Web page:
Present Your Ideas Effectively

My challenge as a satirical artist is how to present ideas to people to enable them to question and reexamine their beliefs. My hope is, that my work provokes people to look at things in a new way. ~ Joey Skaggs

present your ideas

How to Present your Ideas

When it comes to public speaking and presentation skills training, there are 4 areas one must improve to become a Master Influencer:

Presentation Psychology:

How you eliminate the FUNDA (fear, uncertainty, nervousness, doubt and anxiety) so that you can present with confidence in any setting;

Presentation Delivery:

How you avoid to be a “sleeper” (a speaker that is so boring that puts people to sleep) so you can deliver your message with power, charisma and impact;

Increments of influence:

When you utilize the science of Influence (e.g., law of commitment and consistency, reciprocity, etc) into your presentation so you can increase the likelihood of compliance (people will say yes more often to you), and

Presentation Structure:

How you organize your ideas into a framework that allows you to achieve your presentation outcomes.

In this blog post you will learn a quick presentation structure for you to use in any presentation scenario (video, webinar, live group presentation, and one-one-one presentation).

Before I share this structure with you, I want to give you a disclaimer.

There are infinite ways of organizing your ideas, and they change dramatically depending on your outcome (influence, inform, entertain, etc), your audience (how much you know about them, if they know you or not, etc), the time you have, etc.

What I am about to share with you it is just one of the many ways to organize the body (the major part) of your presentation.

It does not include other elements of a persuasive presentation such as opening, pre-framing, pre-close and close (I will cover them in future blog posts).

This structure is a great way for you to organize your major ideas and I call it OCS:

Opportunity, Concern, Solution

Opportunity: In this section, I use market driven-data to describe the opportunity that I want to introduce to my audience. For example, let’s say I am a Real Estate agent doing a First Time Home Buying seminar.

In this section of my presentation, I will use market data to describe to my audience (first time home buyers) the opportunity we currently have.

I will be using statistics, stories, analogies, studies, articles, etc to describe the overall opportunity we have in the marketplace right now: declining home prices, low interest rates, great inventory, etc.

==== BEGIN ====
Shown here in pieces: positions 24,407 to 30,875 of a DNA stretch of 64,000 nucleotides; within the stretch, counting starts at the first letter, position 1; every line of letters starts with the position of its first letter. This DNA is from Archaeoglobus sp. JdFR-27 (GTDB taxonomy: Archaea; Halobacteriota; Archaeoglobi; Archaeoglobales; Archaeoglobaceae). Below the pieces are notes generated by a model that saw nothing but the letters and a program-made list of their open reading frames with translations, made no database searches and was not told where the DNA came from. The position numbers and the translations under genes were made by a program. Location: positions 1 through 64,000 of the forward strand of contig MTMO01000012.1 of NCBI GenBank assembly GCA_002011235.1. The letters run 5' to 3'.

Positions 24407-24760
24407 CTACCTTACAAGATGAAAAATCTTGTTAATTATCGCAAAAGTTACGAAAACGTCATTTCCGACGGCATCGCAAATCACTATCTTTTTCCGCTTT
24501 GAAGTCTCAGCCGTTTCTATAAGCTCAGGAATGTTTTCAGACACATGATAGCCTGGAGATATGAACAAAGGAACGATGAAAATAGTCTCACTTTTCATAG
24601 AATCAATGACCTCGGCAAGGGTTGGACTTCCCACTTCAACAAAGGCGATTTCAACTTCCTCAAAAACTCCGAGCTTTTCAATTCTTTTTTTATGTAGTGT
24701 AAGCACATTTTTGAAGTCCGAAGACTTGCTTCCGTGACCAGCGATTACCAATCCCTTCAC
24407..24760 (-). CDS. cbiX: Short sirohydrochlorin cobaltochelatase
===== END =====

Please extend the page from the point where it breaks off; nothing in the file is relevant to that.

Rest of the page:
Concerns: After you describe the opportunity, the next step is to tell your audience why some people are not taking advantage of it, or, what stops some buyers from capitalizing on this opportunity.

In our example, we would elegantly address the fact that some first time home buyers are not taking action because they are afraid houses prices are going to go down even further, or maybe they have been “hurt” before (lost money in a Real Estate transaction) and have some resistance.

Some presenters don’t like to address the objections; they wait for them to come up.

It is my opinion, that in 99% of the persuasive presentations, you know in advance the possible concerns, objections and resistance points that your audience may have.

So if you know these concerns upfront, why not address them?

Solution: The last piece of this framework is about the solution, the steps or the process that one must take in order to capitalize in the opportunity previous described.

So in our example, the presenter would talk about his or her own “home buying process”.

It is my experience that most professionals don’t have created a process for their solution.

Yes, they may have a solution, for example “I can help you buy a house”, but they don’t have a branded process for it.

A branded process would have a distinct name, for example “Home sweet Home” buying process and clearly defined steps (first, second, third steps, etc).

A branded process adds tremendous value to your offer because it pre-supposes that you have helped previous clients many times before, it is result-driven, it is proven and it distinguishes you from your competition.

The beauty about this format is that you can craft a persuasive presentation very fast, here are the steps again:

1) do a little research and incorporate some market data and stories about the opportunity you are describing,

2) understand the major concerns that your audience may have and address them elegantly and

3) develop a unique way for your audience to take action in your offer.

I would love to hear your feedback and the results you got when you use the OCS formula to present your ideas more effectively!

Roberto

Further Reading:
9 Major Presentation Mistakes
Why should you tell your personal story during your sales presentation?

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